The lasting legacy of a rugby star and doctor
Playing at outside centre, Barry Bresnihan won 25 caps for Ireland from 1966 to 1971, scoring five tries. He won his first cap against England at Twickenham in February 1966, and his last against Wales in March 1971.
He was twice selected for the British Lions: on their tours of New Zealand in 1966, when he scored five tries, and of South Africa two years later, when he scored two tries. He turned out four times for the Barbarians (1966-67), including in a match against Australia in January 1967.
As Bresnihan was born in Waterford, he was qualified to play for Munster. He did so several times, and was in the side that beat the touring Australians in 1967. He played his club rugby with University College Dublin (UCD), Lansdowne and London Irish.
In his career as a Lion, Bresnihan remained on the substitutes' bench for the test matches in New Zealand. In South Africa he played in three of the four tests.
It was as a doctor and medical scientist, however, that he left an enduring legacy.
Born in Waterford on March 13, 1944, Finbarr Patrick Kieran Bresnihan was educated at Gonzaga College in Dublin, considered the "posher" of the capital's two Jesuit schools, then qualified as a doctor at UCD. Thereafter he specialised in rheumatology in London, working at Guy's Hospital, the Medical Research Council's rheumatism research unit at Taplow, and the Royal Postgraduate Medical School in Hammersmith.
There followed a two-year fellowship at the University of Texas, Southwestern, in Dallas, where he worked with the famous American rheumatologist Morris Ziff.
Returning to Ireland as one of the Republic's few qualified rheumatologists, he set up a laboratory at UCD's Medical School, and at its teaching hospital, St Vincent's.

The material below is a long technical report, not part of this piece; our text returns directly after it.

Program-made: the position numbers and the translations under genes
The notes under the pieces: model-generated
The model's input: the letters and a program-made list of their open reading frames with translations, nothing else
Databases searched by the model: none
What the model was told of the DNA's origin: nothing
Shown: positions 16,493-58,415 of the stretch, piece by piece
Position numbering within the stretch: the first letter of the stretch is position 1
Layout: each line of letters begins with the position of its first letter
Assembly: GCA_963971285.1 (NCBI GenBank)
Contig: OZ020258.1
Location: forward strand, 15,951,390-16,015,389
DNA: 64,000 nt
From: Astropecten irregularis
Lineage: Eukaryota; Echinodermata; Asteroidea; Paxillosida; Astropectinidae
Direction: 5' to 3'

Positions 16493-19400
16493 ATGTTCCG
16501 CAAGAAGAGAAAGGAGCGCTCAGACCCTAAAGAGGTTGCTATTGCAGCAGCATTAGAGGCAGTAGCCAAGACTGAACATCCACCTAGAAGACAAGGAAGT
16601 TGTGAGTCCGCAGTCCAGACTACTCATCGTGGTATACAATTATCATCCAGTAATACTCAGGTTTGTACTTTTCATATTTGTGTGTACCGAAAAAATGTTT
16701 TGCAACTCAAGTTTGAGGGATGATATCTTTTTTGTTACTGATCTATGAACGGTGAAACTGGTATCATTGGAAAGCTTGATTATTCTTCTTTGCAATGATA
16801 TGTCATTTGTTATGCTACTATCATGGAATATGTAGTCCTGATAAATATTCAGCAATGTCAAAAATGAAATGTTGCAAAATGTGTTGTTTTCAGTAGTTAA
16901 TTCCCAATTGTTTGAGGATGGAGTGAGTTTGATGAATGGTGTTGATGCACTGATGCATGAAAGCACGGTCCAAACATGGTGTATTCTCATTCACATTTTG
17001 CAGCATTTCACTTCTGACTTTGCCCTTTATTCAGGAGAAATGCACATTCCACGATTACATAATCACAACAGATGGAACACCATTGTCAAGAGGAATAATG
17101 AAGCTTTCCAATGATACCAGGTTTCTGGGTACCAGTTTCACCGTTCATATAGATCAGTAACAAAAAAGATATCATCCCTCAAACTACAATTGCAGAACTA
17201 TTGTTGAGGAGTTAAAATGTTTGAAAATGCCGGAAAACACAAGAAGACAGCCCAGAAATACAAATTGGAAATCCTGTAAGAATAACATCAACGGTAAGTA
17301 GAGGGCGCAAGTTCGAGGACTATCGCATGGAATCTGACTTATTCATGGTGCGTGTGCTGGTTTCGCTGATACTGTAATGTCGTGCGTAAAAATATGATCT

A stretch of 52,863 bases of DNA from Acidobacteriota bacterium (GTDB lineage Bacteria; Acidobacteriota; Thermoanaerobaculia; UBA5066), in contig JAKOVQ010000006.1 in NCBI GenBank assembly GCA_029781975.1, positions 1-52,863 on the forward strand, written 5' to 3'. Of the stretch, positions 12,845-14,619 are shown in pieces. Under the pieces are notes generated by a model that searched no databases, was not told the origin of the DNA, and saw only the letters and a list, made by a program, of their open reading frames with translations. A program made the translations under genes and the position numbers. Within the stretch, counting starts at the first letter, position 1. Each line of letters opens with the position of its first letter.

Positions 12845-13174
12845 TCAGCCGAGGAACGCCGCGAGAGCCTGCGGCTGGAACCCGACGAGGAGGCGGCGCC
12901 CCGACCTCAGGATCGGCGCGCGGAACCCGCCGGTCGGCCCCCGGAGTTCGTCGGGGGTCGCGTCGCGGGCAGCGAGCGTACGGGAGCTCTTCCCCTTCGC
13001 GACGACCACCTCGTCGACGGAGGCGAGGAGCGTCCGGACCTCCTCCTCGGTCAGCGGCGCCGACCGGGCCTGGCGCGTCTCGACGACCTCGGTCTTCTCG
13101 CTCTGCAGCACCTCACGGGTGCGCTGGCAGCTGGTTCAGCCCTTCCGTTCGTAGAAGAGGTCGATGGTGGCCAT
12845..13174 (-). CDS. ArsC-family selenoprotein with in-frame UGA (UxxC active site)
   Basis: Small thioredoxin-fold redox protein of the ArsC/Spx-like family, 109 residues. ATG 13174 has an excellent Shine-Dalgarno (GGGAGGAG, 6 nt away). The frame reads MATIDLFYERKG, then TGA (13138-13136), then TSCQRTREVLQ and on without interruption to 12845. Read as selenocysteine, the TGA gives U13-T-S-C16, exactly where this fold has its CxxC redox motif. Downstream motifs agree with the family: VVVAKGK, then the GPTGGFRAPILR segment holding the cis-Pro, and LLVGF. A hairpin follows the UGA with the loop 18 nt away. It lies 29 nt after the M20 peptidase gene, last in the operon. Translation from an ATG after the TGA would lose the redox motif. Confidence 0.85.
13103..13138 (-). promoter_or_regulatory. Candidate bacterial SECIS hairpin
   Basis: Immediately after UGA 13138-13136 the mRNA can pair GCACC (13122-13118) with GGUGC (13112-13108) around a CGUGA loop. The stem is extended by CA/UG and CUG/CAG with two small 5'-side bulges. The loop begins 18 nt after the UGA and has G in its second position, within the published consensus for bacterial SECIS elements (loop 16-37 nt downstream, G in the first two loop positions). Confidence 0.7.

Between both institutions, he created a matrix of specialised clinics and multi-disciplinary teams in rheumatology, and rapidly developed a clinical practice with what the former chairman of the St Vincent's Medical Board described at his funeral as "a staggering workload".
At the same time, Bresnihan produced more than 200 major papers, two books and 13 chapter-length contributions to specialist collections in rheumatology.
He developed a particular interest in rheumatoid arthritis, with an emphasis on the study of the molecular basis of joint inflammation, an extremely painful condition. He was renowned for his straightforward, yet sensitive, way with patients.
Bresnihan lectured at medical conferences throughout the world. Last year the American College of Rheumatology conferred on him the title 'Master', an award granted to physicians aged 65 or older who, as the college puts it, "have made an outstanding contribution to the field of rheumatology through scholarly achievement and/or service to their patients, students and the profession".
In 1991 UCD created for Bresnihan a special 'Chair of Rheumatology', the first in Ireland.
Later in the decade he accepted visiting professorships at the Pasteur Institute in Paris and at the University of Geneva.
In his private life, Bresnihan was extrovert and generous, enjoying the singing of ballads, among them Take Me up to Monto, a paean of praise to the prostitutes of Edwardian Dublin, and The Wild Mountain Thyme -- the latter was sung at his funeral in Dublin.
Barry Bresnihan enjoyed an especially happy marriage to Val Thompson, herself an academic with a PhD in social policy. She survives him, with their son and three daughters.